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Type-D personality [1] is defined as the joint tendency towards negative affectivity (worry, irritability, gloom) and social inhibition (reticence and a lack of self-assurance). The letter 'D' stands for 'distressed'. Johan Denollet, a Dutch professor of medical psychology, is the founder of this concept. Research has shown that CHD patients with a type-D personality have a worse prognosis after a myocardial infarction (MI) as compared to patients without a type-D personality. Type-D is associated with a 4- to 8-times increased risk of mortality, recurrent MI, or sudden death. The effect of type-D is independent from traditional risk factors in CHD.[2][3][4] Type-D personality can be assessed by means of a valid and reliable 14-item questionnaire, the DS14.[1] One half of the items refer to negative affectivity, and the other half of the items refer to social inhibition. People who score 10 points or more on both dimensions are classified as type-D. In the general population Type D personality has a prevalence of between 20 and 35%, while in cardiac populations prevalence may be higher. The DS14 can be applied in clinical practice for risk stratification in post-MI patients.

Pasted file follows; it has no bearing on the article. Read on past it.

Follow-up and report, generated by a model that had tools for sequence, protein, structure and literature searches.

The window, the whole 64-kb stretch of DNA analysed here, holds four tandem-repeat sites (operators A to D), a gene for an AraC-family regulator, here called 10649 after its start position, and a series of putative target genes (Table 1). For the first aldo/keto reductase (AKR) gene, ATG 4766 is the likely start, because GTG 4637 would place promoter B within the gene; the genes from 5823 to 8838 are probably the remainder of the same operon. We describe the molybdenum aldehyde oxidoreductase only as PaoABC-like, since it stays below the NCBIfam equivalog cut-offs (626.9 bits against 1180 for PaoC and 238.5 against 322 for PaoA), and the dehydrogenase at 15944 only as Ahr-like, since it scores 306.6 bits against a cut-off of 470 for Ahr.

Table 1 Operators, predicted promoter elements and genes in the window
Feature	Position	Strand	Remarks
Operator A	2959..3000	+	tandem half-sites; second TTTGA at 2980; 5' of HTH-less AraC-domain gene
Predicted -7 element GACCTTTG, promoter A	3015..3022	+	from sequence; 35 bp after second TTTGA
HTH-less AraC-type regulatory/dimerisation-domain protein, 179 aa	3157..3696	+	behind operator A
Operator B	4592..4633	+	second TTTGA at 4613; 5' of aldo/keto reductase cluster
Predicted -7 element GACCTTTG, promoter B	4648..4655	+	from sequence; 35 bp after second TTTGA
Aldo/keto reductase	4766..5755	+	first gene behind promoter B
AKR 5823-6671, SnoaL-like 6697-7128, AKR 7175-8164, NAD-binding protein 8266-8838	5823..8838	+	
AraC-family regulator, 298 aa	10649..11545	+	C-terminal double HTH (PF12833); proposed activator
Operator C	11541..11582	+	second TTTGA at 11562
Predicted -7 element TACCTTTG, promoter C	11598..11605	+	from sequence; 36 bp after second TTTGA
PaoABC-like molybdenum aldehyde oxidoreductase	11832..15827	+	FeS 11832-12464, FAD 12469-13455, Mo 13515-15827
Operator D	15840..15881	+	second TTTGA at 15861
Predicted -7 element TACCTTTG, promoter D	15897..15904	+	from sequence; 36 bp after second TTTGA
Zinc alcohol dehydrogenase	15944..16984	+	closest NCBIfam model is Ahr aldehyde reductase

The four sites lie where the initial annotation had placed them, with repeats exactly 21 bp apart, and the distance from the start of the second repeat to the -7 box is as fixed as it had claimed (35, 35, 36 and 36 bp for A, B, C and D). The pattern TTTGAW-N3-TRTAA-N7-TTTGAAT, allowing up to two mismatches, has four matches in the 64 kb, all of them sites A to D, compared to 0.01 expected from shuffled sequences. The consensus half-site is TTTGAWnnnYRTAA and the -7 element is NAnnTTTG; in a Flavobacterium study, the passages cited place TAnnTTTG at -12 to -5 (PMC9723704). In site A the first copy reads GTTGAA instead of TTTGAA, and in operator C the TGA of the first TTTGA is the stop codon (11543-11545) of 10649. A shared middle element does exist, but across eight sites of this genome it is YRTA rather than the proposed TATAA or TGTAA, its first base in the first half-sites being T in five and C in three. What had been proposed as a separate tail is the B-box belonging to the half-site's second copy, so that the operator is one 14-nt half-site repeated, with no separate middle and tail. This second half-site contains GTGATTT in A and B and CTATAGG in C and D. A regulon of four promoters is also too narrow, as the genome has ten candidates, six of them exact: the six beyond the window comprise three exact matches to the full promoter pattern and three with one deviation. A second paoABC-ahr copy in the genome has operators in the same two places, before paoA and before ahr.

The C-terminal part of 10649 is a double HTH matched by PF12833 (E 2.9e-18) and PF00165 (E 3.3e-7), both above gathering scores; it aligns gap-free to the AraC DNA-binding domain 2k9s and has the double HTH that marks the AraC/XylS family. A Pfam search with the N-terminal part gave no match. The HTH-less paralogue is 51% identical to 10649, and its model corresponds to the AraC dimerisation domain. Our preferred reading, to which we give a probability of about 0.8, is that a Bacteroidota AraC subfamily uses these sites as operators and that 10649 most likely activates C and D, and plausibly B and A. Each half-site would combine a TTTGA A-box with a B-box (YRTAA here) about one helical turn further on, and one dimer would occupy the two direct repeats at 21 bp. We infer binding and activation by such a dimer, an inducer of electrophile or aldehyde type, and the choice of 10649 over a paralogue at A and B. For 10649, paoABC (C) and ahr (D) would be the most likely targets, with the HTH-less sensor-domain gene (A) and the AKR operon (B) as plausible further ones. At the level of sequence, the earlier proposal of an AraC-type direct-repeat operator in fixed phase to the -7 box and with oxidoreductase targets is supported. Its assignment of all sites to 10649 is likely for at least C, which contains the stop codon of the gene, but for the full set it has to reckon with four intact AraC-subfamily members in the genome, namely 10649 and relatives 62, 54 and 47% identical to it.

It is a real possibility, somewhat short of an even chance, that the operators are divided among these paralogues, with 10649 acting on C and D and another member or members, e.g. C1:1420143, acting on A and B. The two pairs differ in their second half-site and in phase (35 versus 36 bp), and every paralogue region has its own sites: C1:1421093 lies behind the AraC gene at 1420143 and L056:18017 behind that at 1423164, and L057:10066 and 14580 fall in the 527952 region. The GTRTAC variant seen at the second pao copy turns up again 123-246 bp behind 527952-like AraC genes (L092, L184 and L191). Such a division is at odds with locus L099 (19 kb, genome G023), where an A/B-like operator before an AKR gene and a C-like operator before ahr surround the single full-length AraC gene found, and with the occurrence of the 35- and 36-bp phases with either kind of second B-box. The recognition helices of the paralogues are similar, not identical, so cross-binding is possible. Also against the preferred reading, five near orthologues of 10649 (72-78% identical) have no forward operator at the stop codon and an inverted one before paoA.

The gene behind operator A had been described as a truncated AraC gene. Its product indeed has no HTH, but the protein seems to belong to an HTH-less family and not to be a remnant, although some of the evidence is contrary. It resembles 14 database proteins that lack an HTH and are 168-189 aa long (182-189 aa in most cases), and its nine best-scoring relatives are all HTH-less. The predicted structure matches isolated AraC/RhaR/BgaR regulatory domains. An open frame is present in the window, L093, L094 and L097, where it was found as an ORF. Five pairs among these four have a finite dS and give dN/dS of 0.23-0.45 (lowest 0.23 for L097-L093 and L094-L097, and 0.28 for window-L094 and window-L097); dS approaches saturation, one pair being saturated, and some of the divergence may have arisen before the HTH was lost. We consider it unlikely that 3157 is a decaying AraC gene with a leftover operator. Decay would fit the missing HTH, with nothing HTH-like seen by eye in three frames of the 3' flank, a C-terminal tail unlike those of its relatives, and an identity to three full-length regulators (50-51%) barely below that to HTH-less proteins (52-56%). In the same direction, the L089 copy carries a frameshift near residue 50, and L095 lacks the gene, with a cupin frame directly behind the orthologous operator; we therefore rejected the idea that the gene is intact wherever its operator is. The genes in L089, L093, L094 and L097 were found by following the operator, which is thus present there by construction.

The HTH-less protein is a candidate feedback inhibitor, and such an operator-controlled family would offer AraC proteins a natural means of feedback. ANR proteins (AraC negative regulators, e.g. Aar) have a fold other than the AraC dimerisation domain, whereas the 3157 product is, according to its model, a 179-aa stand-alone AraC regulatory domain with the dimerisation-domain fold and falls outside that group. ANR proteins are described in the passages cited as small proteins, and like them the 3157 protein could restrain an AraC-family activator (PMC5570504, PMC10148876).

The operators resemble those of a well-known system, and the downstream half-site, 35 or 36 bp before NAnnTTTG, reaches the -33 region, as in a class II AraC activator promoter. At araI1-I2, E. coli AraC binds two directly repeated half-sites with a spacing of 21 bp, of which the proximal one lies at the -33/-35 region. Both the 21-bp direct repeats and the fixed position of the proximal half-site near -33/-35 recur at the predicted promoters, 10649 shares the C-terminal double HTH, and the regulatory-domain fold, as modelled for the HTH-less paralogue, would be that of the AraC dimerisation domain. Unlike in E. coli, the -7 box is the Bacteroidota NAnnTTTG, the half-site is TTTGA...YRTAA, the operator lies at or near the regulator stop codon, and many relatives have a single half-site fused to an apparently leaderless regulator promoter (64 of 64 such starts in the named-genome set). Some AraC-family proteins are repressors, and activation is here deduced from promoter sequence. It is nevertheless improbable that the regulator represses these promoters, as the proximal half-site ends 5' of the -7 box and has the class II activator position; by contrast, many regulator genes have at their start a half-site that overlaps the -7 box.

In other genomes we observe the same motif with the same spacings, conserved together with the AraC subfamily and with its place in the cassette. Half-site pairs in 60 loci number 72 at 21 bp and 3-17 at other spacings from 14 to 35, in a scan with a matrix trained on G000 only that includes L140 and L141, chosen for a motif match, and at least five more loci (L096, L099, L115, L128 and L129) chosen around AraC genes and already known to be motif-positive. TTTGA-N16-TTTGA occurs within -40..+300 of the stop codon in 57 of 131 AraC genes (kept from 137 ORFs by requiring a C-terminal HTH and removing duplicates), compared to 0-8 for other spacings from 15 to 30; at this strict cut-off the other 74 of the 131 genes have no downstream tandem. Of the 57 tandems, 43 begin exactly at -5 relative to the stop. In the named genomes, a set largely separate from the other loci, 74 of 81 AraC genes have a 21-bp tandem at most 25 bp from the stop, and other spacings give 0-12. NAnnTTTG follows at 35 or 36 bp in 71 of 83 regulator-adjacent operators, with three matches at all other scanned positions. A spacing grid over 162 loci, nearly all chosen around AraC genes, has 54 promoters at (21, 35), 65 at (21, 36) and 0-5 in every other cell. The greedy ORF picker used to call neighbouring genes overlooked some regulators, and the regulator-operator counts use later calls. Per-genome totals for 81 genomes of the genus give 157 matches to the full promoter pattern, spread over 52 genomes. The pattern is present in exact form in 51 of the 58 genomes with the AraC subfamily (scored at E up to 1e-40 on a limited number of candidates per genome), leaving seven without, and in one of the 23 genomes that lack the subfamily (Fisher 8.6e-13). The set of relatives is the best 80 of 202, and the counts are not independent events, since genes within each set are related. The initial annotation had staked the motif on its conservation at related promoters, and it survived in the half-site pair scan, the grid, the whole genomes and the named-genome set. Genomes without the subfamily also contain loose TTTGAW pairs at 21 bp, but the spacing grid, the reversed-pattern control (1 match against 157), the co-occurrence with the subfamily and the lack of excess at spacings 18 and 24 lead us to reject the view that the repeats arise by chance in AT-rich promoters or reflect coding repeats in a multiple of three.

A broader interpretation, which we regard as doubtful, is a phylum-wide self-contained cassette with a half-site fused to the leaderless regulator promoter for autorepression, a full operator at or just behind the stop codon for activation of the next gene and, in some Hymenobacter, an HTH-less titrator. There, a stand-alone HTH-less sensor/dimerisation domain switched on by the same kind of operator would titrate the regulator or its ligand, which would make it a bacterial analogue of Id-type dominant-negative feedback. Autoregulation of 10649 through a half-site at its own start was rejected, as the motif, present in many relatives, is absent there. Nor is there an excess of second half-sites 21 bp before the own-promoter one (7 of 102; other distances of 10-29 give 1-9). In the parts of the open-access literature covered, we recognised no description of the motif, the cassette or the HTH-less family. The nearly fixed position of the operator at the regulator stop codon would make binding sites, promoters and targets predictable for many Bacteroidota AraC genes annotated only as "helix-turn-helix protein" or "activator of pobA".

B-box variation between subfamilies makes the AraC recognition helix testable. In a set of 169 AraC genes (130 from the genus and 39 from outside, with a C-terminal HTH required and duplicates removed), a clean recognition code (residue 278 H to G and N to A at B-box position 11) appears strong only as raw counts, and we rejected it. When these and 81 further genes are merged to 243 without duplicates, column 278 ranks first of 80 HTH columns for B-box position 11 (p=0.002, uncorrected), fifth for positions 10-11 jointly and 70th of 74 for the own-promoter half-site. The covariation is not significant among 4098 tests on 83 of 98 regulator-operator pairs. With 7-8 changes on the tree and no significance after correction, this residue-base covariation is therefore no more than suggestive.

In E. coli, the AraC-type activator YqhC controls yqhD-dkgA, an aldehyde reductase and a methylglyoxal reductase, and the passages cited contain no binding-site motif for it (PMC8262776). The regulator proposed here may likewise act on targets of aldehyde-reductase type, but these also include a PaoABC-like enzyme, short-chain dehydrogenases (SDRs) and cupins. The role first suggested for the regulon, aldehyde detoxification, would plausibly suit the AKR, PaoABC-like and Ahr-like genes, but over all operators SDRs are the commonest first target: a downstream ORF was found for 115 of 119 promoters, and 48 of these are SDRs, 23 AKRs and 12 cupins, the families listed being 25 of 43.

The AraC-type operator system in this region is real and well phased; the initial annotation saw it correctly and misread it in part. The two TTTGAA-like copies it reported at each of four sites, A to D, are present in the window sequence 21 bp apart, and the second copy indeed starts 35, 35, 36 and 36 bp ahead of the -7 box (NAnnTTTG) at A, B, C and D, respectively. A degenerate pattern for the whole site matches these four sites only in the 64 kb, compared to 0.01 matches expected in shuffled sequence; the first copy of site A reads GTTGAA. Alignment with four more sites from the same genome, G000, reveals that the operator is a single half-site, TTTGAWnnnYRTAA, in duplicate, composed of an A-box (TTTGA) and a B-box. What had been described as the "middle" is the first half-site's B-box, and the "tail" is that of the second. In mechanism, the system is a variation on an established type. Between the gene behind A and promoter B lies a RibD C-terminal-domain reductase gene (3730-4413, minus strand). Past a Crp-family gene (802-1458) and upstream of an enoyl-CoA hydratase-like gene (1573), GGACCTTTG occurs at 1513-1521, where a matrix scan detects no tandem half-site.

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ReferencesEdit

  1. 1.0 1.1 Johan Denollet (January-February 2005). DS14: standard assessment of negative affectivity, social inhibition, and Type D personality. Psychosomatic medicine 67 (1): 89–87.
  2. J. Denollet, S. U. Sys, N. Stroobant, H. Rombouts, T. C. Gillebert & D. L. Brutsaert (February 1996). Personality as independent predictor of long-term mortality in patients with coronary heart disease. Lancet 347 (8999): 417–411.
  3. J. Denollet & D. L. Brutsaert (January 1998). Personality, disease severity, and the risk of long-term cardiac events in patients with a decreased ejection fraction after myocardial infarction. Circulation 97 (2): 167–163.
  4. J. Denollet, J. Vaes & D. L. Brutsaert (August 2000). Inadequate response to treatment in coronary heart disease : adverse effects of type D personality and younger age on 5-year prognosis and quality of life. Circulation 102 (6): 630–635.

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